Area Forecast Discussion
Issued by NWS Wilmington, OH

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000 FXUS61 KILN 190603 AFDILN Area Forecast Discussion National Weather Service Wilmington OH 203 AM EDT Wed Apr 19 2017 .SYNOPSIS... A weak upper level disturbance to the north across the Great Lakes and to the south in the Tennessee Valley will push east tonight into early Wednesday morning, providing increased cloud cover in the area. A more potent system will move through the region Thursday afternoon into early Friday morning. && .NEAR TERM /UNTIL 6 AM THIS MORNING/... Weak, low-level warm/moist advection will continue overnight across the forecast area. This should result in an increase in cloud cover. A few showers may occur, especially across the southeast CWFA. Enough surface wind flow and the increase in clouds should keep temperatures warm, only falling into the upper 50s to lower 60s. && .SHORT TERM /6 AM THIS MORNING THROUGH 6 PM THURSDAY/... Wednesday morning will start off a bit overcast in the FA. A few showers may linger longest across the southeast Wednesday morning before dissipating towards late morning and early afternoon. The focus will then shift to the potential for an area of showers and thunderstorms to develop along/on the southern fringe of a nearly-stationary boundary across northern IL/IN/OH during the late afternoon and early evening hours. Convection-allowing models continue to indicate the potential for this activity /if it develops at all/ to clip the far northern/northeastern FA late in the afternoon as it races southeast. Have added chance PoPs to account for this potential. Although cloud cover will be a bit more expansive during the day Wednesday, still think that highs may approach 80 degrees toward the Tri-State area during the afternoon. By Wednesday night, the aforementioned frontal boundary will begin to pivot back northward as a surface low pressure system organizes across the mid/northern Mississippi Valley. With the FA expected to be positioned squarely in the warm sector Wednesday night, an unseasonably warm night is expected, with lows dropping only into the low to mid 60s area-wide. && .LONG TERM /THURSDAY NIGHT THROUGH TUESDAY/... Southwesterly flow ahead of an approaching cold front will help push temperatures well into the 70s through the day on thursday with some lower 80s possible across our south. This will allow us to destabilize through the day on Thursday with an increasing chance of thunderstorms through the afternoon hours along a pre frontal boundary. The chance of showers and thunderstorms will then continue into the evening hours until the cold front moves through later Thursday night. Both deep and low level shear values will be on the increase as some upper level energy and the front approaches later thursday afternoon into Thursday evening. This will support at least a lower end severe threat, especially across our northwest fa where the better instability and shear values should reside. The front will push south of our area on Friday and then hang up across the Tennessee Valley through the weekend. There are some model differences as to just how far south of our area the front will make it and then how far north precipitation will spread back up into our area with various waves moving along the boundary Saturday into Sunday. Will generally keep pops in the chance category both days with the highest pops across our southern areas. Highs on Friday will be seasonable, ranging from the upper 50s in the north to the mid 60s in the south. Highs will then cool a bit for Saturday into the mid 50s to lower 60s, before returning to the low to mid 60s for Sunday. High pressure will build into the area for Monday before pushing off to the east through the day on Tuesday. This will lead to dry conditions and a bit of a warmup through the first part of the work week. Very thin cirrus remain draped across parts of the region this afternoon. Midlevel clouds associated with a very weak mid- level disturbance over the Tennessee Valley region will gradually overspread the area from the south late this afternoon into this evening. Some of the hi-res suite of models continue to indicate isolated SHRA development this evening across southwestern parts of the area as a result of increased lift with the midlevel disturbance. As of right now, because of expected lack of coverage and ample dry air in the low levels, have withdrawn even a VCSH for all terminals for the period, even as isolated activity works ENE through the overnight period. As light sfc winds go more southerly this evening and eventually southwesterly tonight, low-level moisture will increase in the area. This will allow for MVFR, and potentially IFR, CIGs to develop and overspread the terminals after 06-09z. Do think that pockets of IFR CIGs will develop in the area, but do not yet have confidence on exact timing or location for inclusion as a prevailing condition at any of the terminals. CIGs may be slow to lift/scatter Wednesday, but do expect some clearing and lifting to VFR around/after 18z. && .AVIATION /06Z WEDNESDAY THROUGH SUNDAY/...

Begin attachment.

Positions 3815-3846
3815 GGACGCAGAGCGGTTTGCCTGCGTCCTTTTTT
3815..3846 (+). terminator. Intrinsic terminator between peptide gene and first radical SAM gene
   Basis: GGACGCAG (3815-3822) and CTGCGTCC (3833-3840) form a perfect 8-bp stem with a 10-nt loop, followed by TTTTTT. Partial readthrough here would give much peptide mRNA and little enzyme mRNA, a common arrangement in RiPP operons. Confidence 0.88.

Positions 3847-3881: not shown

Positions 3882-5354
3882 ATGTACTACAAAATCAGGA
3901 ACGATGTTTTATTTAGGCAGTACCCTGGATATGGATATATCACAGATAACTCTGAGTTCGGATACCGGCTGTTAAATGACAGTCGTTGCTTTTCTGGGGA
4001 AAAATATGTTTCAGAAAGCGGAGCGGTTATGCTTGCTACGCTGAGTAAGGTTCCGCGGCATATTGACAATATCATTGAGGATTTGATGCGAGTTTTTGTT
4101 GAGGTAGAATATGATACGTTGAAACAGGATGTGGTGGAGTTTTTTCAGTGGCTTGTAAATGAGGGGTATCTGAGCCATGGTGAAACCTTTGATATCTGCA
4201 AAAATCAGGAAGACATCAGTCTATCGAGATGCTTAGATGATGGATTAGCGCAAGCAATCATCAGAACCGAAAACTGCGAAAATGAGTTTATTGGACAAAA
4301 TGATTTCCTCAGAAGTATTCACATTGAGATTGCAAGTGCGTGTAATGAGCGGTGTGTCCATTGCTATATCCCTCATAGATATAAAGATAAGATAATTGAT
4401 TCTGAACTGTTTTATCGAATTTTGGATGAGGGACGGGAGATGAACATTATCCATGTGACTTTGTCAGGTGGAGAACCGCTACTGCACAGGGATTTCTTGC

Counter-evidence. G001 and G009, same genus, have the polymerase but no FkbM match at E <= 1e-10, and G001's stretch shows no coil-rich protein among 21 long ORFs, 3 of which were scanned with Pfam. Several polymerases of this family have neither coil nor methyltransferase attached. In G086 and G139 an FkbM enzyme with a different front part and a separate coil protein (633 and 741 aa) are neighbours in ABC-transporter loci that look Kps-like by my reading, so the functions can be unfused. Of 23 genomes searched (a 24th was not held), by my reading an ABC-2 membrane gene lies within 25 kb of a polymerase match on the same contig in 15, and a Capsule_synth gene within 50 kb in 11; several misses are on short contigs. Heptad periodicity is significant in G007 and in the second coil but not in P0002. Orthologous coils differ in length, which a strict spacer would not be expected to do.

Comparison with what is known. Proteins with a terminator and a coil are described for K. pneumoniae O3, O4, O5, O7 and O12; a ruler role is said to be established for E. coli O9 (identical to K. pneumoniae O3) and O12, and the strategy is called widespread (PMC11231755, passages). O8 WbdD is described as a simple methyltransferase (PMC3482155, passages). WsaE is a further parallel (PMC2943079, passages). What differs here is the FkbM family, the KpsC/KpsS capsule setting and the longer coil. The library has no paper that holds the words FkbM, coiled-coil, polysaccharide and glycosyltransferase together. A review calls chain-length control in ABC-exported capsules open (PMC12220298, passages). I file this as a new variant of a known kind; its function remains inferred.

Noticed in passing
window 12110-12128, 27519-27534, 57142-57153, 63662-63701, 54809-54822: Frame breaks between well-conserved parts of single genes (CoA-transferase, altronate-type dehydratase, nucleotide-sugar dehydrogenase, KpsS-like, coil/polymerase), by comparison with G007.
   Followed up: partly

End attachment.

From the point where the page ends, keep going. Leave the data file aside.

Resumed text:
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Weak waa over the region has been producing mid clouds and a few isolated showers. The waa will continue early this morning. Models continue to indicate that mvfr cigs will develop later this morning. Based on the latest satellite image, pushed back the development by an hour to two. With the temp/dewpoint closing this morning, there could be some mvfr fog at DAY or ILN around sunrise. MVFR cigs will gradually lift back to VFR by mid morning with the heating of the day. Meanwhile a cdfnt will drop southeast into the srn Great Lakes. Scattered showers and thunderstorms are forecast to develop along the front in nrn OH and sag into Central OH late this afternoon. Added a VCSH at CMH/LCK to cover the possibility. OUTLOOK...Thunderstorms likely Thursday into Thursday night. MVFR ceilings and visibilities possible Saturday into Sunday.
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&& .ILN WATCHES/WARNINGS/ADVISORIES... OH...None. KY...None. IN...None. && $$ SYNOPSIS...KC NEAR TERM...Hickman SHORT TERM...KC LONG TERM...JGL AVIATION...Sites